|Images like these can perpetuate rape myths|
In one set of studies, researchers found that social norms about others' acceptance of rape myths may increase rape proclivity. When college students were led to believe that other students scored high (vs. low) on a measure of rape myth acceptance, they consequently reported greater personal rape myth acceptance and, in turn, greater rape proclivity. In these studies, rape proclivity was measured by having participants imagine a series of acquaintance rape scenarios and report whether they would have behaved in that way themselves and whether they would have enjoyed it. The scenarios vary in terms of the victim's level of physical resistance, but all are clearly instances of rape.
For example [paraphrased from the original]:
"You have a women over after going on a date. She says she's had too much to drink to drive home, so you tell her she can stay over. You want to take advantage of this opportunity to sleep with her, but she says no, saying that you are rushing things and she's too drunk. You sleep with her anyway."
If you are disturbed that anyone would report being likely to behave in this way, rest assured that the mean response fell between "certainly no" and the adjacent response, presumably "no," regardless of what condition participants were assigned to, though the endorsement of anything but "certainly no" is troubling. The researchers recommend interventions that draw on the power of social influence, such as having fellow students speak out against rape myths to their peers. Acceptance of rape myths is not just a product of a sick mind, but an unfortunate response to subtle and not-so-subtle messages from social groups, family, and media that communicate the legitimacy of these beliefs.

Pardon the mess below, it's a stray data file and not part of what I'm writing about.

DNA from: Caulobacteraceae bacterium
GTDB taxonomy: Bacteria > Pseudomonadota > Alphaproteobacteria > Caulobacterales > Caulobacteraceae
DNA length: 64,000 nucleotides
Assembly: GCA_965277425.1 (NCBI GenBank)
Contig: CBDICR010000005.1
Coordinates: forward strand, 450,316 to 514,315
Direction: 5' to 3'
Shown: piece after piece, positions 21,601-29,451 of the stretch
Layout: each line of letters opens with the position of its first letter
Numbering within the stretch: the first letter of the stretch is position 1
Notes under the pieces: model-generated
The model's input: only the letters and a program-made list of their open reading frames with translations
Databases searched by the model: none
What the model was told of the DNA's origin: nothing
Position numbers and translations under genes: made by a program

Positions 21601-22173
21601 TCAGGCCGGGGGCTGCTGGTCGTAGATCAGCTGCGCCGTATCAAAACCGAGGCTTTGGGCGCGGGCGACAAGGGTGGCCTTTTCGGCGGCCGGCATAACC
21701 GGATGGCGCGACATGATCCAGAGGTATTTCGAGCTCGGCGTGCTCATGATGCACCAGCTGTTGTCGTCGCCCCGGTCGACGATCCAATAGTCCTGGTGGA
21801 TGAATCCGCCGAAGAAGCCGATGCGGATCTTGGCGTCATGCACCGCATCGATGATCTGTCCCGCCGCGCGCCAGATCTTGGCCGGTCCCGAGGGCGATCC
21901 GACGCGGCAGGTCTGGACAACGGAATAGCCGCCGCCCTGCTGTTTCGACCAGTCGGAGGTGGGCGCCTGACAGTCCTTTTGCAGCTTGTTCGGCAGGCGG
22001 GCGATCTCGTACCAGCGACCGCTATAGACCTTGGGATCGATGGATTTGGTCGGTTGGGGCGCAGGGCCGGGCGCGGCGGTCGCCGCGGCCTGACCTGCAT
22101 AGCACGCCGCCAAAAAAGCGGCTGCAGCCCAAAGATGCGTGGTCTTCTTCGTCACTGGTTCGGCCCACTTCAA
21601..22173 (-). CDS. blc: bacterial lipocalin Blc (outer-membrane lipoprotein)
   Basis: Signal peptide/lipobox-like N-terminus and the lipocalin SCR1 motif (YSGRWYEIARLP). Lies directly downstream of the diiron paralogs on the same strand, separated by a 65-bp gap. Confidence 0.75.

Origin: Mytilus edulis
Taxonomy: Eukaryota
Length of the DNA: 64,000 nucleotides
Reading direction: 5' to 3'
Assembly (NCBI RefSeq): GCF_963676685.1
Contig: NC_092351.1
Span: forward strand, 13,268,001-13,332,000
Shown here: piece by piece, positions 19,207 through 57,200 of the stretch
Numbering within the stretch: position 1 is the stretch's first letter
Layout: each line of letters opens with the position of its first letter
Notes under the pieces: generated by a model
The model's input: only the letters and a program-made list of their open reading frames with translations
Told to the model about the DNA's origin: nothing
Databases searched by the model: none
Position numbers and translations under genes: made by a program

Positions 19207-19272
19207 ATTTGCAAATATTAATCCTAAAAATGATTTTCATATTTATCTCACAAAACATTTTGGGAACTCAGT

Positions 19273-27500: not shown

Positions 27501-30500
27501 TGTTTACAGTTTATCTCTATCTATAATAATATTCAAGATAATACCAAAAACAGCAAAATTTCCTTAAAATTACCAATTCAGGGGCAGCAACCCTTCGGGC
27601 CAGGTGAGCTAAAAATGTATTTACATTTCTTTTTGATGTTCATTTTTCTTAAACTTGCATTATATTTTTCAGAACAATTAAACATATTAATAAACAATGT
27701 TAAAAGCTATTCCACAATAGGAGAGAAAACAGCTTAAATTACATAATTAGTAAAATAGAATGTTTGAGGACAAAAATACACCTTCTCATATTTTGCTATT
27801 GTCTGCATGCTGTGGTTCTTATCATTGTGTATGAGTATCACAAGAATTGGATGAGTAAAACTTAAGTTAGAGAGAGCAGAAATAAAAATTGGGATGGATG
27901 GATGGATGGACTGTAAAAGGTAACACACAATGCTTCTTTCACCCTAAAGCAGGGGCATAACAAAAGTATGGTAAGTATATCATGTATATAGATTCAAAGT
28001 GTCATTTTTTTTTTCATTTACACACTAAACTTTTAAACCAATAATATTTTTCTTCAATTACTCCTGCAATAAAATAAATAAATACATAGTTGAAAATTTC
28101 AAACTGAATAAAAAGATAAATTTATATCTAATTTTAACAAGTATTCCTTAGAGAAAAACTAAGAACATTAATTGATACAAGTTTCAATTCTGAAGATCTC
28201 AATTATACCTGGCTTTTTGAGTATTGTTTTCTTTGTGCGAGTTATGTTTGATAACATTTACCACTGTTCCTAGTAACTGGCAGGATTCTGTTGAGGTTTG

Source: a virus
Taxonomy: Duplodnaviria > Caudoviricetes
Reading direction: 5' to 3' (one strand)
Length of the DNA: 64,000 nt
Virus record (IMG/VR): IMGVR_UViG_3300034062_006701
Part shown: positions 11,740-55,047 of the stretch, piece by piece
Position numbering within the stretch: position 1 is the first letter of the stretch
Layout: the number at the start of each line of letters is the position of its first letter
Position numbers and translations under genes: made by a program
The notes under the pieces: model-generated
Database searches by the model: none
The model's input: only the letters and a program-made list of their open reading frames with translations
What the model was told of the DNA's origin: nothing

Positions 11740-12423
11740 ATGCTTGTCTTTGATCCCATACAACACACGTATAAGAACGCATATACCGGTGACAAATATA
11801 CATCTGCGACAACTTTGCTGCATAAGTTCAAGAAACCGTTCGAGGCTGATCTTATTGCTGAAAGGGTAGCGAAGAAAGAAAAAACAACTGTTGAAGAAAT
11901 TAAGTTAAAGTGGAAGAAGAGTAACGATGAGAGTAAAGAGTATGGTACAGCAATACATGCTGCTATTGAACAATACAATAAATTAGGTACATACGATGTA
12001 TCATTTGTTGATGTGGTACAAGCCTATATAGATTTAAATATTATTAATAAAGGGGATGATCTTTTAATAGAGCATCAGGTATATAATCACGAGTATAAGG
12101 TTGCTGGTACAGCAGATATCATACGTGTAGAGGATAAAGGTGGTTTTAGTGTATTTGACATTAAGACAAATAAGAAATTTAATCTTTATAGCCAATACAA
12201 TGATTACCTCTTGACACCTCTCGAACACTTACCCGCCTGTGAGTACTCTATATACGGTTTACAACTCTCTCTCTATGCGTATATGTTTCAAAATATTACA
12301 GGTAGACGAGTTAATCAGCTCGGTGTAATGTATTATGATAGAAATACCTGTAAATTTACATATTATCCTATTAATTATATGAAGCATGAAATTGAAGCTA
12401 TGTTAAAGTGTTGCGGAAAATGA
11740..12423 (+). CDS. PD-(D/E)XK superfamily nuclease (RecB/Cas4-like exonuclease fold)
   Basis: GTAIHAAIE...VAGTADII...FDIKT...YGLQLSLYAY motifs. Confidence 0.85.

Importantly, this research does not suggest that anyone who holds erroneous beliefs about the causes of rape will go on to commit rape. But these beliefs can nonetheless contribute to a culture where rape victims are more likely to be questioned and blamed (and to question and blame themselves), and perpetrators are more likely to be excused or even encouraged. The congressman's "legitimate rape" comment may seem isolated and extreme, a case of a bad apple or just a bad use of words, but the belief system that it reflects seems much more deeply rooted in our culture.